Review: PS, I Love You by Cecelia Ahern

ps i love youPS, I Love You by Cecelia Ahern

Published November 1st 2007

“Some people wait their whole lives to find their soul mates. But not Holly and Gerry. Childhood sweethearts, they could finish each other’s sentences and even when they fought, they laughed. No one could imagine Holly and Gerry without each other. Until the unthinkable happens. Gerry’s death devastates Holly. But as her 30th birthday looms, Gerry comes back to her. He’s left her a bundle of notes, one for each of the months after his death, gently guiding Holly into her new life without him, each note signed ‘PS, I Love You’. As the notes are gradually opened, and as the year unfolds, Holly is both cheered up and challenged. The man who knows her better than anyone sets out to teach her that life goes on. With some help from her friends, and her noisy and loving family, Holly finds herself laughing, crying, singing, dancing–and being braver than ever before. Life is for living, she realises–but it always helps if there’s an angel watching over you.”

The reason I read PS , I Love You is for my local book club. It wasn’t something I would ever pick up myself but I thought I’d give it a try. How bad could it be if it was made into a movie? This book is both better and worse than I thought it would be.

I was emotionally invested from surprisingly early on. I think it was around page nine that I got into the story. I thought Holly was an interesting character even though she wasn’t dealing with Gerry’s death well at all. But after a while, I really wanted to at least try to do something with her life.

Even though the reader only gets to know Gerry through flashbacks, I really liked him. He was really funny and he was a good match for Holly.

PS, I Love You is surprisingly poorly written. I could tell though out the whole book that this was a debut novel. The overall tone and style of the writing wasn’t very smooth and it felt like a draft instead of the finished book. Some the metaphors had me wanting to roll my eyes because they were so cheesy.

But the thing that bothered me most was the whole concept of this book. Gerry writes Holly a note for each month following his death. Holly was a having a really, really hard time dealing with his death before she got these notes. She would barely eat or take care of herself. But as second she got the list, she was almost instantly over it. She said herself that after her got the list, that Gerry didn’t seem dead anymore. It was more like he was away on a business trip or something. And because Holly spent a whole year with these notes, she was never able to properly grieve over Gerry’s death.  Because of the notes, Gerry prevented Holly from a healthy grieving process. I know that Gerry meant well but what he did was wrong.

Overall, whatever emotional investment I had in the first 100 pages of PS, I Love You quickly vanished due to poor writing and an overall concept that I just couldn’t get on board with. Do I think this book was a waste of my time? No. Do I think this book could have been loads better? Yes. I personally feel like this book is the aftermath of The Fault in Our Stars by John Green if Hazel and Gus were total idiots. I don’t really recommend this book unless you love fluffy contemporary or you aren’t a critical reader in shape or form.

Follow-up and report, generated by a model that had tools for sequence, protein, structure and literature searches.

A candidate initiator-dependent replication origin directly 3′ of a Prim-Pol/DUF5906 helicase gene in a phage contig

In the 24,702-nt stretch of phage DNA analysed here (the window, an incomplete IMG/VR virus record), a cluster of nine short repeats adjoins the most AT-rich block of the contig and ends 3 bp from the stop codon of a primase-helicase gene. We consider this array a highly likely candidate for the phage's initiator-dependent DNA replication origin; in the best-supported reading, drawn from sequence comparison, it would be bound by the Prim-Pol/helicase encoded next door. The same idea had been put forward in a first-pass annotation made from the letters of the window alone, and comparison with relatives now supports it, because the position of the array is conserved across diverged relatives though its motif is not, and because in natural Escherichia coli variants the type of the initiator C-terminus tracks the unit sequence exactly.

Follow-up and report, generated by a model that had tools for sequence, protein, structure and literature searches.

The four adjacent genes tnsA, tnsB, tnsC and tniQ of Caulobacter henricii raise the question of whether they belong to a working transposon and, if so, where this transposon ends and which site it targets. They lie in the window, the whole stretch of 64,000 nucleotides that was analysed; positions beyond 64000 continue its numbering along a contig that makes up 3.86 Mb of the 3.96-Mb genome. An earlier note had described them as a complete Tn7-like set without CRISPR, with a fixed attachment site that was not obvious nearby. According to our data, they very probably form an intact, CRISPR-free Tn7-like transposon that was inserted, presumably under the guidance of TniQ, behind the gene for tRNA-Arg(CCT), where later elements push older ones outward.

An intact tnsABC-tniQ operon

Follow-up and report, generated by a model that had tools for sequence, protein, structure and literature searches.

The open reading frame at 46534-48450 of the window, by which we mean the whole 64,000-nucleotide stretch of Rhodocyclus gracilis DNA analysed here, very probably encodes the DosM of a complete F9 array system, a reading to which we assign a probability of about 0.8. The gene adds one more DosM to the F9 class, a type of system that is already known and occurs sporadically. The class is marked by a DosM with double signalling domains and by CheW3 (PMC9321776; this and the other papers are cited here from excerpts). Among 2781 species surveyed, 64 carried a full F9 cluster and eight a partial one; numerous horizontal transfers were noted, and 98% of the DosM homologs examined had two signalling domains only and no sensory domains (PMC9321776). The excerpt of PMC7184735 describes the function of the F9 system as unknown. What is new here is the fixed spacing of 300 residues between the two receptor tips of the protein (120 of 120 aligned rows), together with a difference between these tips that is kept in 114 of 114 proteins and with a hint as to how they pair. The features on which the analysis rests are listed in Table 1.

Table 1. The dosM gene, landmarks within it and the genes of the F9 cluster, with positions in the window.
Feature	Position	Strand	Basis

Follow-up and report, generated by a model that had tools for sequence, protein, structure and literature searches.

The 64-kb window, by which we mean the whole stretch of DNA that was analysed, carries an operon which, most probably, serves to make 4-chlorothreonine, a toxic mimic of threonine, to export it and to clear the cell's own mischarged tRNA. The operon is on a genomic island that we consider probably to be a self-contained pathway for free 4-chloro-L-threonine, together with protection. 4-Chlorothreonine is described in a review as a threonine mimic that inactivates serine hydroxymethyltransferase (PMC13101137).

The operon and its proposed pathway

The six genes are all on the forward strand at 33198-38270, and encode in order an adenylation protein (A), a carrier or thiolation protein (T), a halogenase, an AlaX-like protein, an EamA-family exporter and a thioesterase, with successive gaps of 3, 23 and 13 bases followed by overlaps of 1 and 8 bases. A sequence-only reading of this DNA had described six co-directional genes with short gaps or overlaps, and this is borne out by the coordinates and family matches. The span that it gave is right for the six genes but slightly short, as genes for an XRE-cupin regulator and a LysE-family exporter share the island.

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Review: Frozen by Melissa de la Cruz and Michael Johnston

frozen coverFrozen by Melissa de la Cruz and Michael Johnston

Published September 17th 2013

“Welcome to New Vegas, a city once covered in bling, now blanketed in ice. Like much of the destroyed planet, the place knows only one temperature—freezing. But some things never change. The diamond in the ice desert is still a 24-hour hedonistic playground and nothing keeps the crowds away from the casino floors, never mind the rumors about sinister sorcery in its shadows.

At the heart of this city is Natasha Kestal, a young blackjack dealer looking for a way out. Like many, she’s heard of a mythical land simply called “the Blue.” They say it’s a paradise, where the sun still shines and the waters are turquoise. More importantly, it’s a place where Nat won’t be persecuted, even if her darkest secret comes to light.

But passage to the Blue is treacherous, if not impossible, and her only shot is to bet on a ragtag crew of mercenaries led by a cocky runner named Ryan Wesson to take her there. Danger and deceit await on every corner, even as Nat and Wes find themselves inexorably drawn to each other. But can true love survive the lies? Fiery hearts collide in this fantastic tale of the evil men do and the awesome power within us all.”

Frozen starts of with a really confusing prologue. Prologues are normally fairly confusing but this one extra confusing. I ended up skipped half of it because it seemed really irrelevant at this point in the story.

This book is very fast paced and as someone who lives for fact paced fantasy, this was my favorite thing about Frozen. And I loved how the entire book was fast paced. It never slowed down. It was surprisingly consistent though out the entire book.

I haven’t read any other books by Michael Johnston but I have read several of Melissa de la Cruz’s other books. And Frozen definitely had  Melissa’s mark stamped all over it. I find that all her books (that I’ve read) have a certain vibe and/or writing style about them that basically scream “Melissa de la Cruz wrote this!”. That’s not a bad thing by all means but in this case, Frozen being co-written, I was a little disappointed. I couldn’t see anything that really stood out as Michael Johnston’s style. Something that said he co-wrote this book.

The characters were all nice. There wasn’t anything that really annoyed me about them but I also couldn’t find anything that made me love them either. They were just…nice.